Confit of Duck

Confit – lightly salted goose or duck poached slowly in fat – is one of the most delicious food traditions of South-Western French farmhouse cooking and very easy to make. If you are scrupulously careful about cleanliness of hands and dishes during preparation, confit will keep for months stored in the fridge, in the fat in which it was cooked. You are unlikely to want to do so, but leave it for a couple of weeks for the flavour to develop.

The classic accompaniment to duck confit is thinly sliced potatoes cooked in a heavy frying pan with a few tablespoons of the fat and some garlic, and plenty of chopped flat-leaved parsley stirred in just before you bring it to the table.


  • 6 tbsp sea salt
  • 4 duck legs
  • 1 garlic clove, chopped
  • 1 bay leaf
  • 2 tsp chopped thyme
  • about 450 g/ 1 lb goose fat or lard


Scatter half the salt in a dish, then lay the duck portions on top. Scatter the garlic evenly over the duck. Crumble the bay leaf over and sprinkle over the thyme, followed by the remaining salt on top. Put in the fridge for 24 hours, then turn the duck and return to the fridge for a further 24 hours. The salt will have partially liquefied.

Preheat the oven to 130°C/275°F/ gas 1. Rinse the duck in cold water and pat dry. On the hob, gently melt the fat in a casserole or ovenproof dish in which the duck pieces will just fit and, when hot, add the duck which must be covered. If not, top up with lard. When just simmering, put the dish in the oven and cook for 1½ hours, when the meat will be golden brown, the fat translucent and you should be able to slide a skewer easily through the meat. At this point remove from the oven and transfer the confit to the container in which you will store it, ladling the fat through a fine sieve to cover. Be careful not to ladle in any of the meat juices which will have been generated and will sit on the bottom of the cooking dish, as these will eventually go bad. (They are, however, delicious added to a gravy or to boost the flavour of a stock.) When cold, refrigerate the confit until needed.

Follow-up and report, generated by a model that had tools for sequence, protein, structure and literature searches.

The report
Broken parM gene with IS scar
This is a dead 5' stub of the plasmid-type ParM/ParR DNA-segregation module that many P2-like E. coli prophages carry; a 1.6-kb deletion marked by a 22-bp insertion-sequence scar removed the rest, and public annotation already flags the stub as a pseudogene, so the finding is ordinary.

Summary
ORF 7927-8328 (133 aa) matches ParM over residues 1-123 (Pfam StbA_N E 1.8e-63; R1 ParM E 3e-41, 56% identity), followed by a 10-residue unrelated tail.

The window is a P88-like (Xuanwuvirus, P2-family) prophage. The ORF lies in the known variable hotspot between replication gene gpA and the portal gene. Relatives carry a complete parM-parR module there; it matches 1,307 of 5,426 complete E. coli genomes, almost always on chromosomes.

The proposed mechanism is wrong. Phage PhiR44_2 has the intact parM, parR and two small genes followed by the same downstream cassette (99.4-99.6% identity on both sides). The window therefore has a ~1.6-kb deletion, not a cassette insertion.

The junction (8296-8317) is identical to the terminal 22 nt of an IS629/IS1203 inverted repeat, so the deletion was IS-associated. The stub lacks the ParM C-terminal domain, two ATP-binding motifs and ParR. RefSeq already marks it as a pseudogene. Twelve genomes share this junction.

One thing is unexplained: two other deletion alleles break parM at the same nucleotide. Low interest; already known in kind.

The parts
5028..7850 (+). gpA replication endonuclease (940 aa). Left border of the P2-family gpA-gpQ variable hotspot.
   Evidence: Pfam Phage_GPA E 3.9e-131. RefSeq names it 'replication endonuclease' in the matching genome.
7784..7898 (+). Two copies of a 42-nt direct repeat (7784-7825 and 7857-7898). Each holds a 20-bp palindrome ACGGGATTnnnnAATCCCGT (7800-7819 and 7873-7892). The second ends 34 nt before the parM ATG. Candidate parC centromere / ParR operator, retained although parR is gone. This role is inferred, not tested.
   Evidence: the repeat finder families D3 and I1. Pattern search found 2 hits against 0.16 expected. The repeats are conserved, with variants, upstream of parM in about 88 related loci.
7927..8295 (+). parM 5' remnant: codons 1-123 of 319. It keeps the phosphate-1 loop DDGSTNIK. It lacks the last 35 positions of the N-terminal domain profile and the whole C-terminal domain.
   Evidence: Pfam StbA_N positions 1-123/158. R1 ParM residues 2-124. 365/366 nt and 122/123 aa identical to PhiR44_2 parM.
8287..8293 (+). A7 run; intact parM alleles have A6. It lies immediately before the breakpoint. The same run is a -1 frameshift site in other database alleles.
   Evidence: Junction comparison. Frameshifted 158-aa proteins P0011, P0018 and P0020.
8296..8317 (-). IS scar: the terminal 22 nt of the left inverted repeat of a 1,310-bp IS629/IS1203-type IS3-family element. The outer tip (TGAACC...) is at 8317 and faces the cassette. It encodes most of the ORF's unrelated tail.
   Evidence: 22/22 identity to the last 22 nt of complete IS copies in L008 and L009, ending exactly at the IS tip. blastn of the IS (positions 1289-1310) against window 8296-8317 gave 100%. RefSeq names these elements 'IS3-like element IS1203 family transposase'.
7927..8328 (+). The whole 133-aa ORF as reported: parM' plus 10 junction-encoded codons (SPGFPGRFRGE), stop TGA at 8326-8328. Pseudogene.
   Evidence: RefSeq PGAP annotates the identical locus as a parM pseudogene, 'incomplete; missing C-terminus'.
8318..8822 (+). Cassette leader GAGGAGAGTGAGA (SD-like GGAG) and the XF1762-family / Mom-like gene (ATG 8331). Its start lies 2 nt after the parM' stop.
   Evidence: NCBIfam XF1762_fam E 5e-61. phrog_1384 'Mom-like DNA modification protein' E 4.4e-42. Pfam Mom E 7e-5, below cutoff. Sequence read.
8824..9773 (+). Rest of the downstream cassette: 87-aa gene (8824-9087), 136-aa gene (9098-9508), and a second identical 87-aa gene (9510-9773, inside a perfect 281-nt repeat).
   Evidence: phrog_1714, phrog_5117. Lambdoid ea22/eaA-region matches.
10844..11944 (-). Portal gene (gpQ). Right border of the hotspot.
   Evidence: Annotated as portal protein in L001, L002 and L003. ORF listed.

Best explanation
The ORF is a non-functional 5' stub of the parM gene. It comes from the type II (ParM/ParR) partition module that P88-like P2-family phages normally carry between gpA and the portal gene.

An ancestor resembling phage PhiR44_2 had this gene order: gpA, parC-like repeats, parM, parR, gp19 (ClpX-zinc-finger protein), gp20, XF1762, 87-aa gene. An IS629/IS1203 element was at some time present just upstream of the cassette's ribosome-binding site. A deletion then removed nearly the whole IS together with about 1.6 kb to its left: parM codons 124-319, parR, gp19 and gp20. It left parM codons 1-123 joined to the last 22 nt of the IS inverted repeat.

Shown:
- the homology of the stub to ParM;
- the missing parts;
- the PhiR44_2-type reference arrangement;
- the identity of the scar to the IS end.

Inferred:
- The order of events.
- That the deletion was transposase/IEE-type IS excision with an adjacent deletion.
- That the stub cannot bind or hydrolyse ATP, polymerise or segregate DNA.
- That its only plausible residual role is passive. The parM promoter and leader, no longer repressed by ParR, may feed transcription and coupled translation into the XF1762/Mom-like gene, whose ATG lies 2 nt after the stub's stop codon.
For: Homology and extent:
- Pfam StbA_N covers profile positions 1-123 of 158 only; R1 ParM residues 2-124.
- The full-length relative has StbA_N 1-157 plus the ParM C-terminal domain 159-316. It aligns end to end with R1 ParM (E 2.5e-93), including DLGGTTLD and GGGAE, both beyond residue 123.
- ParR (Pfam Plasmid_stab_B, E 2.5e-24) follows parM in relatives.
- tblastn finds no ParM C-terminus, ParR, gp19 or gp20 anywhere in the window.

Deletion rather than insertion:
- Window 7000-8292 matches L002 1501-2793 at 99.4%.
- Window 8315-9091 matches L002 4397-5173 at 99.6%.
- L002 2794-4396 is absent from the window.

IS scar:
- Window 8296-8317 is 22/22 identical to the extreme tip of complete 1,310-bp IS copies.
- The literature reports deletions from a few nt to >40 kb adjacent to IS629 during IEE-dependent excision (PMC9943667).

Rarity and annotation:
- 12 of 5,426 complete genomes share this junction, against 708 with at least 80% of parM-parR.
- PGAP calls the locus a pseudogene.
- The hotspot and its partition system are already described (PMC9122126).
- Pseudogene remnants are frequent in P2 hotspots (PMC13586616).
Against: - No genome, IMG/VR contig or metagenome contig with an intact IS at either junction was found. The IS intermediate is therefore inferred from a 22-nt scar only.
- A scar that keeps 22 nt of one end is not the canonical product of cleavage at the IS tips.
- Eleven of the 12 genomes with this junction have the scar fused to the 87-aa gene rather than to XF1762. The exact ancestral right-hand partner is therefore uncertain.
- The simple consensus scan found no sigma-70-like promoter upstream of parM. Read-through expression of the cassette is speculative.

To serve, remove the duck from the fat, scraping off as much as you can, then place on a baking tray for an hour to come to room temperature. Preheat the oven to 200°C/400°F/gas 6. Pour off any melted fat from the tray and roast the confit, skin side down, for 20 minutes.

Serve with garlic and parsley potatoes.

Melt the stored fat from which you took the confit and let it bubble before straining back into a bowl to keep in the fridge for the next time.